Missing the Early Signs

I've felt it and I know many of you have too. That sinking feeling when you get a diagnosis the day after a competition that your dog has injured itself, and it likely started weeks or months ago. Hindsight is 20/20 and looking back we may realise that we have missed some early signs. But the reality is that animals don’t talk, and they have evolved to hide pain and get on with the job. We shouldn't feel bad, but we should try and understand our pets better so we can catch issues earlier. 

Most (but certainly not all) animals are stoic. In the past they have been selected to hide pain or ‘weakness’ and get on with the job of staying alive. I see it regularly with my own pets, and in client's animals.

It is why the assessment of the entire musculoskeletal system is vital before each treatment. While a problem may appear to be in the shoulder I will always check your dogs toes. Without checking, how can we be sure that its not a swollen toe that's led to an abnormal stride, Which has eventually caused a shoulder injury. This may sound far fetched, but I've seen it in practice many time.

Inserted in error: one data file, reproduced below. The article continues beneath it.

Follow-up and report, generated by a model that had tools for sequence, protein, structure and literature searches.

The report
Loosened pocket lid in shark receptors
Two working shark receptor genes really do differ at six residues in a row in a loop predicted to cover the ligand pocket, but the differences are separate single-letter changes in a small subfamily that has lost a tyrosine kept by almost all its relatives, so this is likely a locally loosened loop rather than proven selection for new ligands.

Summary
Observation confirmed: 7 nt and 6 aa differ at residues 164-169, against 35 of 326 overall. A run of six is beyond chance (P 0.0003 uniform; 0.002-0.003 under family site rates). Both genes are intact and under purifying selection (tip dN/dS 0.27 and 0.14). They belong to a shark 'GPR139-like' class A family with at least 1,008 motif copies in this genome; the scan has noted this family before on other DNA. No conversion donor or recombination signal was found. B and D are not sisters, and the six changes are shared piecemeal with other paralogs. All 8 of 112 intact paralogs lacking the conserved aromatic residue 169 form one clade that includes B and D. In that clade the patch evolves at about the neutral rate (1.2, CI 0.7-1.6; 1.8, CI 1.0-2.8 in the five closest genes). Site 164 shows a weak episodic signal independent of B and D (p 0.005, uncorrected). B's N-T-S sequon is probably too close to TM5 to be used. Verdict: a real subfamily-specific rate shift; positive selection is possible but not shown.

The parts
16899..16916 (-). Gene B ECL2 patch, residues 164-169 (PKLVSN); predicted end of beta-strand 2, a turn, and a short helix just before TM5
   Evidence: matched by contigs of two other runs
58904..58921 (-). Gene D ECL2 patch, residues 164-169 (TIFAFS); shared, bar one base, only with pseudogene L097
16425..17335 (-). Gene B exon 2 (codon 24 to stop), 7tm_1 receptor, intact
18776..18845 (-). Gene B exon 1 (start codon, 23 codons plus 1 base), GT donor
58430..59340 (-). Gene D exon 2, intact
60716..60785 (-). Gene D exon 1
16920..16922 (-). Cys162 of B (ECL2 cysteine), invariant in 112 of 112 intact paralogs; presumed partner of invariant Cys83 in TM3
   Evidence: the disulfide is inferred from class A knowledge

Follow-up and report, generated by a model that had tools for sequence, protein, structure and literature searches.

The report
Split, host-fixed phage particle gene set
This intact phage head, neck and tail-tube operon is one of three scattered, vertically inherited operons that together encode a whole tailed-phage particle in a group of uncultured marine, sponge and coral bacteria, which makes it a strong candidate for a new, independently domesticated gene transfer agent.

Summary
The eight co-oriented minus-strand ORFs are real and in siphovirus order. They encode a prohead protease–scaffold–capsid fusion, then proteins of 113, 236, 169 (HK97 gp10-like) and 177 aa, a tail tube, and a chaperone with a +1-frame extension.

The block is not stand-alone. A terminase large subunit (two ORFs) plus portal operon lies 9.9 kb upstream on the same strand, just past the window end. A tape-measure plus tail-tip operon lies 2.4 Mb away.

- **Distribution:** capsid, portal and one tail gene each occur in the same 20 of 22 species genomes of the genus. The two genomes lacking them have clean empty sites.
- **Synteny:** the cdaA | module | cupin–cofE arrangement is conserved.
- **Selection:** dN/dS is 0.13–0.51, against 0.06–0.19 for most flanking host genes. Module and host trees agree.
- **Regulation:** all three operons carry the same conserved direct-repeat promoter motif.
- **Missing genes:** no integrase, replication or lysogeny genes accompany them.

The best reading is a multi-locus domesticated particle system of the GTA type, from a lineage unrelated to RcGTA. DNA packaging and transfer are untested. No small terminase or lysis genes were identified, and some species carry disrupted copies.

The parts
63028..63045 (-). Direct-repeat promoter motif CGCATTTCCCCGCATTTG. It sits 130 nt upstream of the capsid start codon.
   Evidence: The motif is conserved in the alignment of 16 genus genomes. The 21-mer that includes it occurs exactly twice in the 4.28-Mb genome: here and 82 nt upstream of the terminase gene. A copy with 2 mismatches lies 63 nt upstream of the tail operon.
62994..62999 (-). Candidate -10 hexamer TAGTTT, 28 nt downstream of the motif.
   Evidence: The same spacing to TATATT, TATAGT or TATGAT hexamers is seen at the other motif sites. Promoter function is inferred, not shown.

It is vital to treat the whole animal, not just the diagnosis. 

It is possible to prevent injury through regular check ups. Looking for signs of subtle inflammation or changes in muscle quantity or tone is important. Having a good relationship with practitioner who can check the musculoskeletal system regularly is important for every canine athlete to prevent us missing the early signs.

Don’t feel guilty when you do miss the early signs. Focus on getting your pet the right treatment and then spread the information and knowledge you gain. Even when something has gone wrong there are people out there who can help you and your pet.

Dr Jaime Jackson